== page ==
Install

Get the latest updates as we post them — right on your browser

. Last Updated: 07/27/2016

U.S., Russia Sign $55M Steel Deal

Russia and the United States signed an agreement Tuesday that may boost steel exports to America by up to $55 million next year.

Deputy Economic Development and Trade Minister Maxim Medvedkov and U.S. Assistant Commerce Secretary Faryar Shirzad signed an amendment to the 1999 Comprehensive Trade Agreement, which set quotas on a series of Russian steel exports to the United States.

The amendment increases the quota for Russian slab by about 20 percent, or 200,000 metric tons per year, through 2004, Medvedkov said.

Russia is expected to export about 1.2 million tons in 2002.

Slabs from Russia cost about $220 to $230 per ton and the price is rising, said Slava Smolianinov, analyst at NIKoil.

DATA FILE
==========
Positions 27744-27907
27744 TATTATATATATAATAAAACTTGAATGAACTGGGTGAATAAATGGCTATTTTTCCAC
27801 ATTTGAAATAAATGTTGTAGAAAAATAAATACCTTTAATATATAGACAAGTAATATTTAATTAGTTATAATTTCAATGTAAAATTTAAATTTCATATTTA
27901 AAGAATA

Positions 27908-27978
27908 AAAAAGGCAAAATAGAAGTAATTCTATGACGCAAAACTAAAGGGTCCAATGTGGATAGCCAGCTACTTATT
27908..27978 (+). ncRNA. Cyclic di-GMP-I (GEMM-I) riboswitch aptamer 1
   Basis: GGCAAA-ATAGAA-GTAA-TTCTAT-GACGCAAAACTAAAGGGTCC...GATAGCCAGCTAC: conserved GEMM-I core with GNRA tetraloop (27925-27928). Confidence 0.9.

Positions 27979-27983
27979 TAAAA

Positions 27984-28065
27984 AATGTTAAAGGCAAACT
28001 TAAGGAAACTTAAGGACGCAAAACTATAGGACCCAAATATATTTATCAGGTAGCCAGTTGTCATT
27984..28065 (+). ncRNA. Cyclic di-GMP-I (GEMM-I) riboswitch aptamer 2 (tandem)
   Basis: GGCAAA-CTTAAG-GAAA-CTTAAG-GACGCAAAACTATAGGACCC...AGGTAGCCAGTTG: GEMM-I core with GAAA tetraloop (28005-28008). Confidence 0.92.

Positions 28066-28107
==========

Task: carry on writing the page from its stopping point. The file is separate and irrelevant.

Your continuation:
"This will give Russian producers the opportunity to increase their sales of slabs into the U.S. market, using more capacity and increasing employment," Medvedkov said.

"It's not in the interests of the United States to put up more barriers," Smolianinov said. "Something like this was expected. They're thinking of their consumers. Steel prices in the States have skyrocketed."

The United States introduced protectionary tariffs ranging from 8 percent to 30 percent on a wide variety of steel products in March.

Shirzad also initialed an agreement with steel producers Severstal, Magnitogorsk and Nosta to suspend steel plate anti-dumping procedures. Russia and the United States had signed a plate agreement, which was set to expire this year.

"The result of that would have been that Russian producers for all practical purposes would have been barred from the U.S. market," Shirzad said.

The agreement allows producers to sell on terms that reflect their actual costs, a benefit of Russia gaining market economy status as of April 1.

The agreement could be finalized in mid-December at the Organization for Economic Cooperation and Development talks in Paris on reducing global steel overcapacity, Shirzad said. Under U.S. law, the Commerce Department must wait 30 days between initialing and signing an agreement.